As a result, both students and administration initiated programs to help everyone cope with their own anxiety and grief, and to also encourage everyone to reach out to anyone who seemed to be alone, isolated, or struggling.
In this atmosphere of tragedy, communication became a key focus. Since the parents of some who died recalled that their child had seemed withdrawn, spending long hours alone and talking very little, the students and staff learned to watch for withdrawal in any student. They developed a code: QPR. Similar to CPR, QPR is specific for saving the life of someone who’s suicidal.
Q stands for Question. They realized that people who are struggling may wish they could talk to someone, but maybe they don’t know what to say. In fact, they may not realize they’re struggling as much as feeling “off.” So the strategy they developed is to be bold enough to ask questions.
“Hi, would you like to sit with us?”
“How are you…?”
“You don’t seem to be feeling very well. Do you want to talk about it?”
“Are you at a point that you’re going to harm yourself?”
For teenagers, who struggle to talk at all, this initiative requires a brutal bravery, but as they weigh the awkwardness against the loss of life, they find they can push past the nervousness, and just ask.
P stands for Persuade. It means pushing through your own feelings to focus on the feelings of another. Then persuading that person to trust you enough to accept your invitation…answer your questions…consider solutions…
R stands for Refer. Part of the P in Persuade includes persuading the person to accept help and treatment: the solutions. It means including parents, the school counselor, and outside psychiatric help, as well.
Students refer to QPR as a useful tool for fighting the teen suicide epidemic and also for the helplessness they’ve felt as they’ve heard the announcement of each student who died. They feel armed with a way to help stop the deaths, and to know they’re doing something.
Joining Forces to Save Lives
Just as this high school pulled together to close the gap between hurting teens and everyone else, we can do the same.
To approach those who seem to struggle and dare to get your hands dirty. Dare to ask the questions. Then listen. Then work together with them to help them get treatment and to be safe.
Lots of Help is Available
But start with a comprehensive psychiatric — find the best doctor you can to do the best job they can to pull together all the pieces, all the stressors, all the symptoms. To diagnose and to offer treatment — rapidly.
And to present options and reasonable choices for treatment, the evidence for each, and the speed of response: medications, different talk therapies, TMS, and IV ketamine.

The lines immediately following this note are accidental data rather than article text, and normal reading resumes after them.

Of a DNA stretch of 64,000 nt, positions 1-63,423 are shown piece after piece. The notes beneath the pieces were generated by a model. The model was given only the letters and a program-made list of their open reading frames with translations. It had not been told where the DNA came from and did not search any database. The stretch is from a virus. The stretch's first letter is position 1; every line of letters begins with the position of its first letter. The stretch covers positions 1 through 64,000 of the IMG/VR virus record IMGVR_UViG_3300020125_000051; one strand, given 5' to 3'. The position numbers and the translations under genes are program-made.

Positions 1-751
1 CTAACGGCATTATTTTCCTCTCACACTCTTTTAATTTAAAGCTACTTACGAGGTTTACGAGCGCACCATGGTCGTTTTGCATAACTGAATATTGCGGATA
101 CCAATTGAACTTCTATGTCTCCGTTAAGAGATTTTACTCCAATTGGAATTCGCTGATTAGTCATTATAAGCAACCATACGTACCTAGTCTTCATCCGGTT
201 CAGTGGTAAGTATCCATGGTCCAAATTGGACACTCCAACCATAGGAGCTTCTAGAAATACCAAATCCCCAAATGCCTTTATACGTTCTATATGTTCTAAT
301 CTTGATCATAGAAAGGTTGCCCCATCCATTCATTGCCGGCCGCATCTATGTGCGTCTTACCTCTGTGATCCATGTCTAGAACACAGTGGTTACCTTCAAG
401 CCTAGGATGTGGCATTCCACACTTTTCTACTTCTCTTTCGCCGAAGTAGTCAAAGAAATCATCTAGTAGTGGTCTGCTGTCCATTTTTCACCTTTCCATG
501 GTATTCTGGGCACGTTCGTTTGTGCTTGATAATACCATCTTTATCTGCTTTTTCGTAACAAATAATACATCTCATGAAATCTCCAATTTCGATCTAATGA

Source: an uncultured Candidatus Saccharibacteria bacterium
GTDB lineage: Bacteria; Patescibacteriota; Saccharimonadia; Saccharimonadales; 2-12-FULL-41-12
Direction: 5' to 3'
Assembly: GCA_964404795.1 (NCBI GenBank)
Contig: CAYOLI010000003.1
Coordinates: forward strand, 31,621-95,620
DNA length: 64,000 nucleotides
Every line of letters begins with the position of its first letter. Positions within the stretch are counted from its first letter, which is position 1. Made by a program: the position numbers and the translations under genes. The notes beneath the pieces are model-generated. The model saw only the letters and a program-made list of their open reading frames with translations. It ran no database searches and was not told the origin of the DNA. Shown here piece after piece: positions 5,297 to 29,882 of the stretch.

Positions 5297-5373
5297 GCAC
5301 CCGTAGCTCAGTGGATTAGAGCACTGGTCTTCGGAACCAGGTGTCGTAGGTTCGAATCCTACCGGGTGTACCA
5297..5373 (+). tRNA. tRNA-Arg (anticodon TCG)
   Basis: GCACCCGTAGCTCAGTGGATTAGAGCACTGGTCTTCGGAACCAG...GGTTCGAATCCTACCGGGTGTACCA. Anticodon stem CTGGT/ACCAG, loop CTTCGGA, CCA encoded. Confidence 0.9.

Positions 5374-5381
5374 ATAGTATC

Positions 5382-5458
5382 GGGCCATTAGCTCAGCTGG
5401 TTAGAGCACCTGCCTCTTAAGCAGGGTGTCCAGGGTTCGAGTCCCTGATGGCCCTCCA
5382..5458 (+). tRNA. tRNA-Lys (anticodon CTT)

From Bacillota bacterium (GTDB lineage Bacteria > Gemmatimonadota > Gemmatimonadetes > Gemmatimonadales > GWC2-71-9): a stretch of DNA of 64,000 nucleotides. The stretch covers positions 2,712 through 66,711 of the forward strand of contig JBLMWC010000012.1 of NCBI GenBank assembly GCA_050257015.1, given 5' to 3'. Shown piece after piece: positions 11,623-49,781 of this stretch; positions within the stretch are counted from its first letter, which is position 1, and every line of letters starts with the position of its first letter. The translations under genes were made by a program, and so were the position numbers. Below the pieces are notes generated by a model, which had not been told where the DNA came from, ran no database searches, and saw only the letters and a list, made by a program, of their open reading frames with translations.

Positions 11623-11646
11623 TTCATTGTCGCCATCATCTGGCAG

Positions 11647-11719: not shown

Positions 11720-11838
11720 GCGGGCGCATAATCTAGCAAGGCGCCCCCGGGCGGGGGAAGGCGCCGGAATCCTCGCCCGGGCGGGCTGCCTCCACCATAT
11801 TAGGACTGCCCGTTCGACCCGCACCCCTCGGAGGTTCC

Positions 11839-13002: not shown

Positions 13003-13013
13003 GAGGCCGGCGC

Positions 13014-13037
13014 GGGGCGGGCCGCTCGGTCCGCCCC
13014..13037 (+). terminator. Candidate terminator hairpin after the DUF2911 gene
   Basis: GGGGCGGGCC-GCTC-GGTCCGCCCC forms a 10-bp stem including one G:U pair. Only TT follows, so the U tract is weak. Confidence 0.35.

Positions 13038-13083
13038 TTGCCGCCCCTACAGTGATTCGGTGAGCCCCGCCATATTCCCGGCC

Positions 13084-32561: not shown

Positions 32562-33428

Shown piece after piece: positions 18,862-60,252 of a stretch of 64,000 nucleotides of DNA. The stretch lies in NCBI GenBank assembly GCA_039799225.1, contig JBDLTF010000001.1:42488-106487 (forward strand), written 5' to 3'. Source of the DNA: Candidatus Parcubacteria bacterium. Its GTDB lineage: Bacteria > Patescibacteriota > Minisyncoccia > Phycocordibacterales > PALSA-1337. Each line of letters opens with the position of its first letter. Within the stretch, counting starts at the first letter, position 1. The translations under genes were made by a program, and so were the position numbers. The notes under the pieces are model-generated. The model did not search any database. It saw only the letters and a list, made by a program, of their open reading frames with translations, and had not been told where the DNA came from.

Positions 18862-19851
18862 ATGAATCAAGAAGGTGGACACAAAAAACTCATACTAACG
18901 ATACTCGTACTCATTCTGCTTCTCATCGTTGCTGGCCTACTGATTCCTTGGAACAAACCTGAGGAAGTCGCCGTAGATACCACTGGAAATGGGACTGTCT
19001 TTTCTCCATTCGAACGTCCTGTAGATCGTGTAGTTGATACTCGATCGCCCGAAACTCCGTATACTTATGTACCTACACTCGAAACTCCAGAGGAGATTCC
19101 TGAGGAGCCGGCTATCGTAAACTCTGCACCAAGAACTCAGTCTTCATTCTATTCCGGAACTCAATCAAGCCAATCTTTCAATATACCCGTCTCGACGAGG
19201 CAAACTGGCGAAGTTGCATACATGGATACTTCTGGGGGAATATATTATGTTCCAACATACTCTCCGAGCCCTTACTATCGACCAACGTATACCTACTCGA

Speed is critical if you’re trying to save a life.
IV Ketamine Treatment works fast to Restore Brain Circuitry
So often, anguish is missed. Overlooked. Or it just doesn’t lift even with the first or second (or third) thing you’ve tried.
We see the end-results of anguish every day when everything breaks down: depression, anxiety, self-loathing, withdrawl. Loss of interest. Loss of eye contact. You don’t even smile anymore. (Or when you do, it’s phony.)
If you feel like this, or if someone you love feels like this, if treatment isn’t working, know that there is hope. You can feel better, you can repair and rebuild the circuitry that will allow that. And it can happen fast.
We know, because we’ve published our own results in a peer-reviewed journal.
IV ketamine treatment specializes in rebuilding broken down dendrites and dendritic spines — it turns on mRNA to switch on DNA to turbo-boost Brain Derived Neurotrophic Factor (BDNF) and those dendrites and synapses just explode in new growth. Repairing and restoring the circuitry, and giving you joy, initiative, motivation, energy, … and hope.
Once repair gets underway, your brain can transmit signals along those repaired and restored pathways. Your brain lights up, and your eyes light up with it.
There are solutions.
And even if your insurance doesn’t cover this extraordinary treatment yet, there is financing to help you pay for it. And there are voices clamoring for it to be covered because it can stop suicidal thinking. It can turn around that trip to the ER and make it unnecessary. It can help avoid the need for hospitalization.
Not always. But most of the time.
We’ll work with you, your doctor, your therapist, and your family, to help you feel better, function better, and really enjoy the details of your life again. If it’s been a really long time since you felt that way, you’re probably going to be astounded. Because the longer you’ve been ill without relief, and the more severe your symptoms are, the better IV ketamine treatment may work for you. It’s funny that way. It’s a bit of a show-off.
Let us help you find yourself, your creativity, and your heart again.
To the restoration of your best self,
Lori Calabrese, M.D.